Depending on what kind of lifting you do, the right training shoes can increase your comfort in the movement as well as help keep your body in better positions throughout the movement, i.e. wearing shoes with a high heel when performing Olympic lifts; or sporting minimalist shoes during deadlifts.
If you’re working on getting a better squat, then lifting out of a power rack is something I strongly recommend. The best racks will have safety bars to protect you if you have to bail on a lift. If your rack doesn’t have safety bars, please practice proper bailing techniques. I personally recommend racks that bolt into the wall or into the ground, as they are the safest to use when lifting heavy.
3. Training Methodology And Frequency
Once you know your goal, finding the right training program is essential. There are countless online programs you can sort through, some free, some paid. I’ve run a bunch of these myself.
If you’re focusing on just one or two lifts, it’s important to hit those lifts at least twice a week, Jacob says, in addition to complementary accessory work. Some training methodologies will have you doing tons of volume, like Smolov, a program that involves squatting heavy four times a week.. Smolov can be effective, but it can also be soul-crushing.
Unless you’re a seasoned lifter, there is no reason to jump into something intense like Smolov. If you’re a beginner, however, it’s smarter to choose a program that’s more well-rounded and trains all of the muscle groups at least once a week. Your overall training frequency should be something you can commit to for several weeks straight.
I always recommend personal training for strength cycles because a trainer can take into account your goals, potential injuries and weaknesses. Even remote training is effective. I like the programming from Juggernaut, which can be customized based on your goals.
Otherwise, there are a few other programs Jacob recommends:
Wendler (Aka “5-3-1”)
Jim Wendler, a powerlifter and former D1 collegiate football player, developed the Wendler Method (sometimes called the 5-3-1 Method) in 2008.
“What I like about the Wendler program is its simplicity,” Jacob says. “Beginners and experienced weightlifters can make progress on it.”
The first step in running Wendler is knowing your one-rep max on the lift, and using 90 percent of that number as a base for your percentages. This is crucial–you don’t use your true max! Going too heavy can cause a breakdown in form, and that can lead to injury.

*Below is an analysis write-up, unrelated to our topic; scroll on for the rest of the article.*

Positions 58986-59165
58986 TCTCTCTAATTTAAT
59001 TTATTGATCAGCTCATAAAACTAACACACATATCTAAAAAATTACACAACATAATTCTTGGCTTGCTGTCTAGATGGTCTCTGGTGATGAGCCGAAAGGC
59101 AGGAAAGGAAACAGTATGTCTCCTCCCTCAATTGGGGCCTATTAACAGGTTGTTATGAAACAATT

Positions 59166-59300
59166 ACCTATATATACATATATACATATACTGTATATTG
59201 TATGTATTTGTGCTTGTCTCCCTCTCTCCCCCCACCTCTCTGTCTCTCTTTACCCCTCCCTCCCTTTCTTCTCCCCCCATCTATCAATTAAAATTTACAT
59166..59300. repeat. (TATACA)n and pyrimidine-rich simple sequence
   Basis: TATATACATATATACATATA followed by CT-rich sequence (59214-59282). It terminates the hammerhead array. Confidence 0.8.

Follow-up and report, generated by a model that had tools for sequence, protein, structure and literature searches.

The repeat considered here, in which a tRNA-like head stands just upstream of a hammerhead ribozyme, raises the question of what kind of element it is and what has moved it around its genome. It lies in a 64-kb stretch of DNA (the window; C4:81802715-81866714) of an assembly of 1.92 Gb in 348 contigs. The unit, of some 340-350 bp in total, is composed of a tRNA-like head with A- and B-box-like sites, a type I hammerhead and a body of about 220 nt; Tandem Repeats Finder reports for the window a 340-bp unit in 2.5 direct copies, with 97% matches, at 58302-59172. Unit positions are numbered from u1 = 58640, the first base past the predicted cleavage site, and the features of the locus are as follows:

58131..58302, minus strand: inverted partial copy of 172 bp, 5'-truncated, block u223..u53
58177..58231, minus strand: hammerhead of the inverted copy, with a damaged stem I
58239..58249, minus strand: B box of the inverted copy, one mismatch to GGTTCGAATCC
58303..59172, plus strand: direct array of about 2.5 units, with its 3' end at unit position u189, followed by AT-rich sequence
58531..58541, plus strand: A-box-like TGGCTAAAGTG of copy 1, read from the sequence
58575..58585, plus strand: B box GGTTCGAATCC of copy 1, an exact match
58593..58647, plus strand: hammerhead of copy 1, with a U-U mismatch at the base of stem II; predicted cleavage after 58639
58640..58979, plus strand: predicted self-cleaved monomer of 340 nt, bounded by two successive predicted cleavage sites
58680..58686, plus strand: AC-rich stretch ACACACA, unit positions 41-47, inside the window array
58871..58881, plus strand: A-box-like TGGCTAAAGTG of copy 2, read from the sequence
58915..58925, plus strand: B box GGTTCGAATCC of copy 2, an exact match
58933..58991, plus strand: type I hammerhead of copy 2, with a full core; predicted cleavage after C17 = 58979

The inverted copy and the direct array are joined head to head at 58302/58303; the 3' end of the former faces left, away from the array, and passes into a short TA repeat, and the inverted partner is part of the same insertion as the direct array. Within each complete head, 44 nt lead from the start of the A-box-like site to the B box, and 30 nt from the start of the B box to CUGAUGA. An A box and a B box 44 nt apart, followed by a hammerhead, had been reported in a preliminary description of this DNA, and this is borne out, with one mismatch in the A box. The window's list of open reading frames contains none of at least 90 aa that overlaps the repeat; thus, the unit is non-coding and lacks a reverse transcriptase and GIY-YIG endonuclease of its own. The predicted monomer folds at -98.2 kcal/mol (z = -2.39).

The cycle runs in four weeks, with you lifting three to four times a week, hitting different lifts–press, squat, bench, deadlift–each time. The first week, you do three sets of five reps; the second week, three sets of three reps; the third week, you do a set of five, a set of three, and a set of one; the fourth week, you deload.
Each week uses certain percentages of your one-rep max, and there are always accessory lifts programmed.
For the full breakdown, we really like this spreadsheet, especially if you need more guidance on how to do this.
Texas Method (Aka 5×5)
Ask any seasoned lifter, and he or she has probably run a 5×5 program before. In the Texas Method, or the good-old 5×5, you perform five sets of five reps at 90 percent of your actual five-rep max (which you need to know to run this program).
I have personally run the Texas Method in the past, and it’s where I saw my biggest breakthroughs in squats. It comprises three days of lifting: a volume day, a light day, and an intensity day.
On the volume day, you perform five sets of five reps of the lift at 90 percent of your five-rep max. It hurts. It’s hard. The first time I ran this program, I started at about 75 percent and worked my way up over the weeks.
On the light day, you drop to just two sets of five at 80 percent of the weight you did on the volume day. On the intensity day, you go for a five-rep max. You won’t always hit a PR on that intensity day, but it’s a good test.
Physiqz offers a great breakdown of how the Texas Method works (and why it might work for you).
4. Track Your Progress